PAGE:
Ending a short-lived and bitter relationship, DreamWorks SKG, the movie studio founded by Steven Spielberg, and Paramount Pictures said Sunday that a deal had been struck to part ways.
The pact, resembling an amicable divorce settlement with joint custody of about 40 movie projects, came rather smoothly and faster than expected in light of the tense relations between the two studios. Paramount's parent, Viacom Inc., acquired DreamWorks for $1.6 billion in 2006.
The agreement paves the way for Spielberg and his team of executives to form an independent studio backed by one of India's biggest conglomerates, Reliance ADA Group, which plans to invest $550 million for a 50% stake. The new studio would keep the DreamWorks name and is seeking to raise more than $700 million in debt financing.
Under the settlement, Spielberg's new company will take the lead on 15 to 20 film projects owned by Paramount, which would have the option to co-finance and co-distribute the movies. Among them are "Chicago Seven," "39 Clues" and "Dinner With Schmucks," according to a person familiar with the situation who did not want to be named because this person was not authorized to speak on the record.
The agreement means that the new DreamWorks will not have to start from scratch and acquire rights to new movies or those owned by Paramount. Additionally, DreamWorks will have the right to co-finance and co-distribute another 15 to 20 projects on which Paramount will be the lead producer. At the same time, Paramount has the option to co-finance and co-distribute any new movie that DreamWorks makes between now and the end of 2009.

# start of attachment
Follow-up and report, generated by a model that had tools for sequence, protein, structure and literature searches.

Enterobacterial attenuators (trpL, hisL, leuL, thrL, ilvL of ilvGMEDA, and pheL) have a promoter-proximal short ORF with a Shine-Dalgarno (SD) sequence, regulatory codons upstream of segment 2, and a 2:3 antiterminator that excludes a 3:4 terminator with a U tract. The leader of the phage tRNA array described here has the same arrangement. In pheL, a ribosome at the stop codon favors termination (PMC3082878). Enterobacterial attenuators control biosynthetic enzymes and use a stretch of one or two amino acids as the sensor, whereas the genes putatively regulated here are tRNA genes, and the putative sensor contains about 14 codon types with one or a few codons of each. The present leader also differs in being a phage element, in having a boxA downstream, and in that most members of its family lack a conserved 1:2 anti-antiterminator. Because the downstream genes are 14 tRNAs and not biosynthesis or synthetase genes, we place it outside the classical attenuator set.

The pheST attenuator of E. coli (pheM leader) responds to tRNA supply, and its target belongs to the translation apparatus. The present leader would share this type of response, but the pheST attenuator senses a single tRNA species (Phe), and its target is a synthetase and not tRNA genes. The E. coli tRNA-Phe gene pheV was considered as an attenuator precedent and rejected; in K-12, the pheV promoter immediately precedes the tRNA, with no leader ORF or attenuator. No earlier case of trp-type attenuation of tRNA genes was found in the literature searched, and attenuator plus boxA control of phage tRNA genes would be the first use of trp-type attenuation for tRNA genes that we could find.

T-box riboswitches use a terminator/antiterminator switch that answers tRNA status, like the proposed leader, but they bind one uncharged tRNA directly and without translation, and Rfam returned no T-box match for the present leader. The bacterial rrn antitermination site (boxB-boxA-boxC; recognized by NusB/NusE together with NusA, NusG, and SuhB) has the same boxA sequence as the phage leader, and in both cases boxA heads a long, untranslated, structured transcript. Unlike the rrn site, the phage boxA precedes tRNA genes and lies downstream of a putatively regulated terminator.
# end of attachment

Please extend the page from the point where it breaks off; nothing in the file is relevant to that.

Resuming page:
Spielberg also will continue to be producer on the "Transformers" series of movies for Paramount and collaborate on three other Paramount films, including "When Worlds Collide."
All other projects that were in development at DreamWorks will remain at Paramount.
As part of the deal, Spielberg will be taking more than two-thirds of the 150 current DreamWorks employees with him to the new company. The newly independent DreamWorks still needs to find a distributor for its films; the leading candidate continues to be Universal Pictures. David Geffen, one of the original founders of DreamWorks, will not be joining the company.
Spielberg, along with Jeffrey Katzenberg, founded DreamWorks as a private company in 1994. The studio has produced a series of hits for Paramount, including "Blades of Glory," "Tropic Thunder" and "Transformers." Those successes have been tempered more recently by a series of misses at the box office, including "The Ruins," "Things We Lost in the Fire" and "Ghost Town."